One Year Later Golf Knows Its Place in the New World

By Adam BarrSeptember 11, 2002, 4:00 pm
Dave Heatwole, a senior design associate for Jack Nicklaus golf course design company, picked up his rental car at LaGuardia about 8:45 a.m. on Tuesday, September 11, 2001.
 
He watched life change from a distance.
 
Like many in the golf industry, Dave saw priorities shift at frightening speed. Golf ' and all sports ' receded into the background as America tried to absorb its national horror. Thats as it should be, for it was all too much to take. And although those who said cancellation of the Ryder Cup and other events showed weakness, it just felt wrong for a while to celebrate or play. That feeling overwhelmed any concerns about showing a chink in our armor.
 
That New York [golf course] project kind of halted after that, Heatwole said 364 days later at the site of another under-construction Nicklaus course near Charlotte, N.C. There was regret in his voice, but it had nothing to do with revenue.
 
The golf industry, like many economic segments, has had a tough time over the past year. Equipment, course ownership, rounds played, travel ' its all sluggish, and most of the trouble can be traced to the calamity of the attacks in New York, Pennsylvania and at the Pentagon. For reasons that seem obvious but are nonetheless hard to articulate, people dont want to travel as much, or spend as much. And in a golf economy in which a set of premium irons can cost as much as a refrigerator or large-screen television, that attitude puts the brakes on business in a hurry.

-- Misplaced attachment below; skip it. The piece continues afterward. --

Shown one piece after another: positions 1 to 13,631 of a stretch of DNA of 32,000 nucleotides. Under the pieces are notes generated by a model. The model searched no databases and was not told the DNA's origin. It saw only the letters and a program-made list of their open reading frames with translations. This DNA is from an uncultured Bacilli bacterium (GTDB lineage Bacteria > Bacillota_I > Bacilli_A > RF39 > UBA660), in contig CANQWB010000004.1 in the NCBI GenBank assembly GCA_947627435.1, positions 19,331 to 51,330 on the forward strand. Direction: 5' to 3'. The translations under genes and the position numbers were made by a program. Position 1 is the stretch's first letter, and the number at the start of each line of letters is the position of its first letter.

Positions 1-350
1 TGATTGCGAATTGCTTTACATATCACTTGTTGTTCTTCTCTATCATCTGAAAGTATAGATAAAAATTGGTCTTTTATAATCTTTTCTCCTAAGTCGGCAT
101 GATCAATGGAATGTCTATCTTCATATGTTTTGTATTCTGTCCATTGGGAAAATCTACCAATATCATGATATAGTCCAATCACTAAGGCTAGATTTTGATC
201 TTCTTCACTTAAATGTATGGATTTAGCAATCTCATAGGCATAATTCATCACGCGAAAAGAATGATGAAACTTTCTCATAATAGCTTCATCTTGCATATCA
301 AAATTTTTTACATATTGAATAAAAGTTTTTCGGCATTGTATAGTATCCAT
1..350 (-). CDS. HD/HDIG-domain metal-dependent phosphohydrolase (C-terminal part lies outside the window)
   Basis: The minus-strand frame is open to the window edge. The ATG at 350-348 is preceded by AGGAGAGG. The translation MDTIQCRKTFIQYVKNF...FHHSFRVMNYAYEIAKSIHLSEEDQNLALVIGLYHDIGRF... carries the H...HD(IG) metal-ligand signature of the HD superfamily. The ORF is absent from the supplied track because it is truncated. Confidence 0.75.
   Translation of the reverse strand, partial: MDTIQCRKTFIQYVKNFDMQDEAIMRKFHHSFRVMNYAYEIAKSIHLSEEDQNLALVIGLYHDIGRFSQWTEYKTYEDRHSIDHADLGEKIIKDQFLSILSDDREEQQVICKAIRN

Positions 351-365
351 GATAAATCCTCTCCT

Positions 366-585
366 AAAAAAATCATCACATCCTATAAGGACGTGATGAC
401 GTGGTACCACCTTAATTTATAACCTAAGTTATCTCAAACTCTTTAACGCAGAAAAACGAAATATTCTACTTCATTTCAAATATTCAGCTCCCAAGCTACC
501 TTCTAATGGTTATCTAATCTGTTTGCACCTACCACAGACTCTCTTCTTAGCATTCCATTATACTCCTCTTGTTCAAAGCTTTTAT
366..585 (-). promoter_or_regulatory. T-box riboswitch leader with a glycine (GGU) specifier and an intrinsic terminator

And yet the people who work the golf business every day utter hardly a word of complaint. In talk after talk with sales reps, marketing directors, and executives, I hear a were-all-in-this-together spirit. Of course, everyone would like business to be better. But somewhere, a little girl would like her daddy to come home, and she knows he never will.
 
We at The Golf Channel often say, when the mainstream news cycle presents a story that knocks golf further back in the national consciousness, Were not curing cancer here. We love what we do, but we try to maintain some perspective about how it fits into the lives of our viewers and readers.
 
September 11 was that situation, multiplied by 3,000. Thats why we suspended live programming for a time after the attacks.
 
But life has gone on, and so has the industry. Product introductions have proceeded, golf balls are being assembled, painted, boxed and sold, and people are playing, although not always in the numbers they did before.
 
Patience is what is needed. Some golf companies have been using this down time to make ready for an upsurge in demand once we see what our new national normal will look like.
 
Meanwhile, we look for the respectful medium between enthusiasm for the future and sensitivity to the past, between the enervation of hope and the ache of dutiful memory. We hug our children more, worry over our long irons less, and stare at the bedroom ceiling longer into the night.
 
There is much in golf that cant be controlled ' the wind, the grain, our opponent, the breaks ' indeed, one of the games chief lessons involves standing up to adversity with the full knowledge that you cannot completely control the elements that will decide your fate. The only certain failure comes from failing to do anything. Well-executed effort increases your chances of success.
 
It is my hope that the lesson has rubbed off on generations of golfers who face the sleep-robbing knowledge most adults have realized: That the world swirls around you, and you must do the best you can even as you admit that much of it is beyond your control.
 
It is my deeper hope that golf has offered a respite to some of the grieving and weary.
 
Now, whatever the future, lets hit the ball, turn our faces to the sun ' and walk on.
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McIlroy gets back on track

By Ryan LavnerJanuary 21, 2018, 3:10 pm

There’s only one way to view Rory McIlroy’s performance at the Abu Dhabi HSBC Championship:

He is well ahead of schedule.